Guidance for Further Improvement Based on 2013 Chief FOIA Officer
Report Review and Assessment
As illustrated by OIP's 2013 Assessment of Agency Progress in Implementing the President's and Attorney General's FOIA Memoranda, agencies have accomplished a great deal over the past year to apply the presumption of openness, make more proactive disclosures, utilize technology for the benefit of FOIA administration, improve timeliness, and reduce backlogs. While the government overall has made significant improvements, the results achieved by individual agencies vary. OIP's Assessment serves as a visual snapshot of where each agency should focus its efforts in the upcoming year to achieve even greater success in implementing the President's Memorandum on the FOIA and the Attorney General's FOIA Guidelines. To assist agencies, OIP offers the following guidance based on our 2013 Assessment.
Focus on Quality Training
A proper understanding of the FOIA, including the correct application of the statute's provisions and the Attorney General's FOIA Guidelines, is the first step towards any successful FOIA operation. OIP's Assessment shows that the vast majority of agencies are either holding training conferences or sending their FOIA professionals to training hosted by other agencies. These efforts vary by agency, though, with some agencies citing one or two training sessions attended by staff and others hosting multiple FOIA conferences and having all of their FOIA professionals attend regular training.
OIP advises every agency to make FOIA training available to all their FOIA professionals at least once each year. Moreover, it is essential that FOIA training programs cover core, substantive aspects of FOIA administration. Agencies that have been engaged in robust training initiatives should continue these efforts. Agencies that are in need of training are encouraged to take advantage of the many FOIA training opportunities available around the government or to plan a comprehensive FOIA conference tailored to the needs of their own agency. OIP regularly conducts a number of government-wide training sessions that cover all aspects of the FOIA. OIP's subject matter experts are also available to provide specialized training for agencies on any FOIA topic. For more information about OIP's upcoming training events and how to attend please visit the "Training" page of our website. In addition, agencies can contact OIP’s Training Officer to arrange for assistance in holding an in-house training program.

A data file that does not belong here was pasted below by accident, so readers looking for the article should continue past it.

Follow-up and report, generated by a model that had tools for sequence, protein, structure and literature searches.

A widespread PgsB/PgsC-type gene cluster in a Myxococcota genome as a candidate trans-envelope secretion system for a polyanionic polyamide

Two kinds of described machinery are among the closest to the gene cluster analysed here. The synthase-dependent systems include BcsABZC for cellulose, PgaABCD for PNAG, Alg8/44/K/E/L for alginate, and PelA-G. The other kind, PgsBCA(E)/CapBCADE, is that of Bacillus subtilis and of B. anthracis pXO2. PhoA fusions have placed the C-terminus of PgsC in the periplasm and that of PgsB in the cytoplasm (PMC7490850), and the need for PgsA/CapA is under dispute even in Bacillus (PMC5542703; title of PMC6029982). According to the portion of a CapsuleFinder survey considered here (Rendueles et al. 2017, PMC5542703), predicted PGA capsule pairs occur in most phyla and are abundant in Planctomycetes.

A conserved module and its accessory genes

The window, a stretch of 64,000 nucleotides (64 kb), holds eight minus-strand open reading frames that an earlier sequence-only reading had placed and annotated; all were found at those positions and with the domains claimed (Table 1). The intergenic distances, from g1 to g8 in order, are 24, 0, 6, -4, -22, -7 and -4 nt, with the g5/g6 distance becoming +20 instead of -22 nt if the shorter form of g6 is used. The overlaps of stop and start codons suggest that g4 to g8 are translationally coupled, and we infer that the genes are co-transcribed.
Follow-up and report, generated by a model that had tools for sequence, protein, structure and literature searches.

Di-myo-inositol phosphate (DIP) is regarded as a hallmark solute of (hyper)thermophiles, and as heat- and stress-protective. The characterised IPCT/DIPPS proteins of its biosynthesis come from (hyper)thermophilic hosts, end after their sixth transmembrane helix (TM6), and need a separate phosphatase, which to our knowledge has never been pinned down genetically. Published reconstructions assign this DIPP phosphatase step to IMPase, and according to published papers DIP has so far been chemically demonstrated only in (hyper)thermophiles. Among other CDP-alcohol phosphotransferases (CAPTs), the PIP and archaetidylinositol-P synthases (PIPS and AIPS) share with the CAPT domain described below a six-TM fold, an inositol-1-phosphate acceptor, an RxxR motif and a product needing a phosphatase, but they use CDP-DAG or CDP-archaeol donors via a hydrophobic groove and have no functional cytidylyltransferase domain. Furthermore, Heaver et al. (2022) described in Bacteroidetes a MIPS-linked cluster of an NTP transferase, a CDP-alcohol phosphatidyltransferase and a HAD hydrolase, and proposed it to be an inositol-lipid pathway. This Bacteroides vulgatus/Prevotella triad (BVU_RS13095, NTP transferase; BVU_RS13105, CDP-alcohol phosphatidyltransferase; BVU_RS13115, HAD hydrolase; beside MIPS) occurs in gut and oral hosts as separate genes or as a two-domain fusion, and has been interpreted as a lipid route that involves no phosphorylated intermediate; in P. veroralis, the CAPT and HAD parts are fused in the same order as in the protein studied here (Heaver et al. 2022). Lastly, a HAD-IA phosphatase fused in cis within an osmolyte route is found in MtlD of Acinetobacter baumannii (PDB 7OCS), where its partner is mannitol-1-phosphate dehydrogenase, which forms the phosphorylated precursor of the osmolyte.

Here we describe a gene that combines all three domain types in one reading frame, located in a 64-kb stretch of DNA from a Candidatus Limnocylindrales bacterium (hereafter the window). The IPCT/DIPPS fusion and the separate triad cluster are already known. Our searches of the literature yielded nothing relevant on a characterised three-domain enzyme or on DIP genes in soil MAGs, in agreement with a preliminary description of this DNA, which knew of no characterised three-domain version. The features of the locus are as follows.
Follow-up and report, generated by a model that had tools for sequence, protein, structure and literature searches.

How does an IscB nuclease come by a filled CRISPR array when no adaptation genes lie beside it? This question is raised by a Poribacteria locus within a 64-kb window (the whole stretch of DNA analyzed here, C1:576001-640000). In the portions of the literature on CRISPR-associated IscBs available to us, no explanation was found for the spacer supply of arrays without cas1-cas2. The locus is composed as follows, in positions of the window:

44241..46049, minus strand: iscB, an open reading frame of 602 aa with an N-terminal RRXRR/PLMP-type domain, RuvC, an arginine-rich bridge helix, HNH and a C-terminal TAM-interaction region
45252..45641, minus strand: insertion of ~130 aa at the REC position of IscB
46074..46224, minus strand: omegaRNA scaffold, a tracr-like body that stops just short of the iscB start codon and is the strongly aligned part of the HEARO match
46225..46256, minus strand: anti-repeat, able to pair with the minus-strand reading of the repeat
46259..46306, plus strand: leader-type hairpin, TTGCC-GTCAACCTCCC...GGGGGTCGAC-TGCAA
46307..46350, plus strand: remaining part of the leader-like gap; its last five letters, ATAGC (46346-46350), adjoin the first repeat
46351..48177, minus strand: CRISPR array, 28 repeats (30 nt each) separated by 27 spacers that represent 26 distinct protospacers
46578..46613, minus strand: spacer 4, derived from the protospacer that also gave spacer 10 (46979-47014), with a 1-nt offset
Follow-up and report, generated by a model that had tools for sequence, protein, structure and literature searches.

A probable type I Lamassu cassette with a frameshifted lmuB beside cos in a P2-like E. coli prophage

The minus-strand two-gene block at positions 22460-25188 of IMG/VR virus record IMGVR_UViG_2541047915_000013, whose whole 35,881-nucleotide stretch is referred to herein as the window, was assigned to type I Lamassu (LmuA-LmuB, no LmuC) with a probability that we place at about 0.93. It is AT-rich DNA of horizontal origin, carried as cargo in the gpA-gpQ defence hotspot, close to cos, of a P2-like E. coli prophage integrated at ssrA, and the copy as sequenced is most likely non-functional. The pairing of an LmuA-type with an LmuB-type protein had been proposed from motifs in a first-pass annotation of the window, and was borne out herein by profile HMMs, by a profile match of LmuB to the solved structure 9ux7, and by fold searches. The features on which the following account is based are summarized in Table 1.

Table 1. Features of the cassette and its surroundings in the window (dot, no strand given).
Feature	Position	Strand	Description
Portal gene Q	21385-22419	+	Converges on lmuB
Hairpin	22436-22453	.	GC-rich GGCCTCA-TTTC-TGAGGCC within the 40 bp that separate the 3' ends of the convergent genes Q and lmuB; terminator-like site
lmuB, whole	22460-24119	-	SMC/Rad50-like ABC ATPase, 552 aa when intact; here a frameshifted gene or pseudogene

Focus on Processing “Simple” Track Requests Within Twenty Working Days
The Attorney General has emphasized that "[t]imely disclosure of information is an essential component of transparency." The government overall showed improvement on this front with sixty-three agencies processing their "simple track" requests within an average of twenty days or less and several more being very close to meeting this goal. However, there are still a number of agencies with longer processing times. Agencies that are taking longer than an average of twenty days to process their simple requests should reexamine their FOIA process and strive to meet this milestone. Furthermore, OIP advises those agencies with high processing times that have not established multi-track processing to consider doing so. As explained in last year's guidance, multi-track systems provide a mechanism for agencies to process their simple requests in a different queue from their complex requests, which in turn can allow for improved timeliness for the simple requests. Differentiating the processing queues also allows agencies to provide requesters with meaningful choices regarding processing times, based on the complexity of the request.
Focus on Closing the “Ten Oldest”
Finally, all agencies should continue to make it a priority to close their ten oldest pending requests and appeals each fiscal year. Our sustained efforts to close these requests and appeals every year is essential to reducing the age of the government's backlogs and resolving those cases that have been lingering for years.In addition to closing their oldest requests and appeals, for those agencies that receive consultations from other agencies it is equally important to close their ten oldest pending consultations. This ensures that the agencies that sent the consultations can have the responses they need in order to close out the requests.